In contrast to St. Ambrose, who argued in the 5th century that Mary would never have cried for Christ during the Passion or at the foot of the Cross simply because she knew the broad sweep of God’s salvation plans, Emmerich stands in the parallel, medieval tradition that paints a different picture. While Jesus was in the Garden of Gethsemane, set upon by all the evil in the world for which he was about to die, Emmerich recounts: “During this agony of Jesus, I saw the Blessed Virgin also overwhelmed with sorrow and anguish of soul, in the house of Mary, the mother of Mark. She was with Magdalene and Mary in the garden belonging to the house....”
The parallel story line of the Passion of Jesus and the whereabouts and experiences of the Virgin, continues. “The Blessed Virgin was ever united to her Divine Son by interior spiritual communications.... [She] ever beheld in spirit the opprobrious treatment which her dear Son was receiving.” The all-knowing Mary is also the all-suffering mother.
Mary becomes the first person to practice the Stations of the Cross—a Christian’s exemplar in replicating the sorrow and pain of Christ as a path to deeper understanding of the release from sin. “When Jesus was taken before Herod, John led the Blessed Virgin and Magdalene over the parts which had been sanctified by his footsteps.... [T]hey stopped and contemplated each spot where he had fallen, or where he had suffered particularly.... The Blessed Virgin knelt down frequently and kissed the ground where her Son had fallen.... [T]hus were the Mysteries of the Passion of Jesus first honored, even before that Passion was accomplished.”
The picture painted of the role of Mary during the Passion is definitely profound. Mary’s spiritual experience becomes the archetype for we who follow her. She is portrayed clearly as the first of the Apostles. Foreshadowing symbolism and subtle connections are everywhere in Emmerich’s narrative. “When Jesus fell down at the foot of the pillar, after the flagellation, I saw Claudia Procles, the wife of Pilate, send some large pieces of linen to the Mother of God. I know not whether she thought that Jesus would be set free, and that his Mother would then require linen to dress his wounds, or whether this compassionate lady was aware of the use which would be made of her present.” Again, this scene is portrayed poignantly in Gibson’s film and will, for many Christians, remain a part of what they envision to be the “real” story of these events.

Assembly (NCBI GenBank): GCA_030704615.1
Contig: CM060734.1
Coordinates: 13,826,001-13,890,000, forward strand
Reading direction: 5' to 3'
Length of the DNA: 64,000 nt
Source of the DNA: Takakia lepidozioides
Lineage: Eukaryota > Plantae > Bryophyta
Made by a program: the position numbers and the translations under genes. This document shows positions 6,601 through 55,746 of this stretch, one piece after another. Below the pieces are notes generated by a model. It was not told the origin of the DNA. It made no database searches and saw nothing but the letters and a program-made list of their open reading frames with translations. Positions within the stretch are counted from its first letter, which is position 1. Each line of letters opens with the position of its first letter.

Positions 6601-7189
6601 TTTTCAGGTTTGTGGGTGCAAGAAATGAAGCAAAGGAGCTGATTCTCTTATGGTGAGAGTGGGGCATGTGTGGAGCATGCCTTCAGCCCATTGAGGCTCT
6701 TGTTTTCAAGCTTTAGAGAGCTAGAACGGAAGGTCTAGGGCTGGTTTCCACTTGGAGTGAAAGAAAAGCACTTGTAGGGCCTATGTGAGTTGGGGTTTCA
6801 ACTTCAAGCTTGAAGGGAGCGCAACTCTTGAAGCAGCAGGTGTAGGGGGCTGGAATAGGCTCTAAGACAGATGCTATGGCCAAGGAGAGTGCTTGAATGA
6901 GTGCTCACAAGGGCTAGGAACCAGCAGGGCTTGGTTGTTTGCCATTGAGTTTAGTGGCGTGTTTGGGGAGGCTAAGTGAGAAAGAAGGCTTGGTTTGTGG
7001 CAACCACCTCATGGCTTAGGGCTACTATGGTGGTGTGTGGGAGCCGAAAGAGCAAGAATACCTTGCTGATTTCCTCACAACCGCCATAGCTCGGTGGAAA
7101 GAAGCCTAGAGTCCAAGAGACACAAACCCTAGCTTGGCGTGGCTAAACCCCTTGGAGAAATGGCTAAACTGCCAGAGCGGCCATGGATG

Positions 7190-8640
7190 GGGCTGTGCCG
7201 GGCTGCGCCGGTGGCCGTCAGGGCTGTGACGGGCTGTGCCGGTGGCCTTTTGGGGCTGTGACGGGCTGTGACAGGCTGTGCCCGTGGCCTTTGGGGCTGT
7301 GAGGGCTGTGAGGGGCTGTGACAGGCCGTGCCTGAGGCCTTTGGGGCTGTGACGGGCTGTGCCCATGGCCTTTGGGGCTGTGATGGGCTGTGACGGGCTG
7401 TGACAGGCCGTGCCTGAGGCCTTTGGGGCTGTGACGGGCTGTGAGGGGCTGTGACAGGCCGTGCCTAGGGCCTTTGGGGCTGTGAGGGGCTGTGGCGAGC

Movies often feel more real than everyday life. Novels, too. Undoubtedly, the Ron Howard-directed The Da Vinci Code will have that effect on many who view it, as well. The character of Robert Langdon—the investigative Harvard professor—already seems real to millions of readers. Now, Tom Hanks brings him to life on screen.
The biblical woman who really steals the show in The Da Vinci Code is Mary Magdalene, presumed to be the wife of Jesus after the Crucifixion and Resurrection. But the Virgin Mary is there, too, and we are presented with many doubts about how she has been portrayed over two millennia. “The vestiges of pagan religion in Christian symbology are undeniable,” Langdon explains (chapter 55). “Pictograms of Isis nursing her miraculously conceived son Horus became the blueprint for our modern images of the Virgin Mary nursing Baby Jesus.” So, perhaps Jesus was not miraculously conceived? Perhaps every icon of Mary holding or nursing the Child was simply an image from pagan religion with the characters switched out? Robert Langdon is a Harvard professor. Surely he knows what he is talking about.
The effect of Mel Gibson’s Passion was to expand what we think we know about Mary, while the effect of The Da Vinci Code is to reduce it. The one constructs while the other deconstructs. Both works offer exciting and important opportunities for all of us—professionally involved in religion, or not—to engage with and understand better the role of women in 1st century Christianity. And perhaps next, we will create opportunities to look together at what the original Gospels do actually say about Mary.
© 2013 Augsburg Fortress, Publishers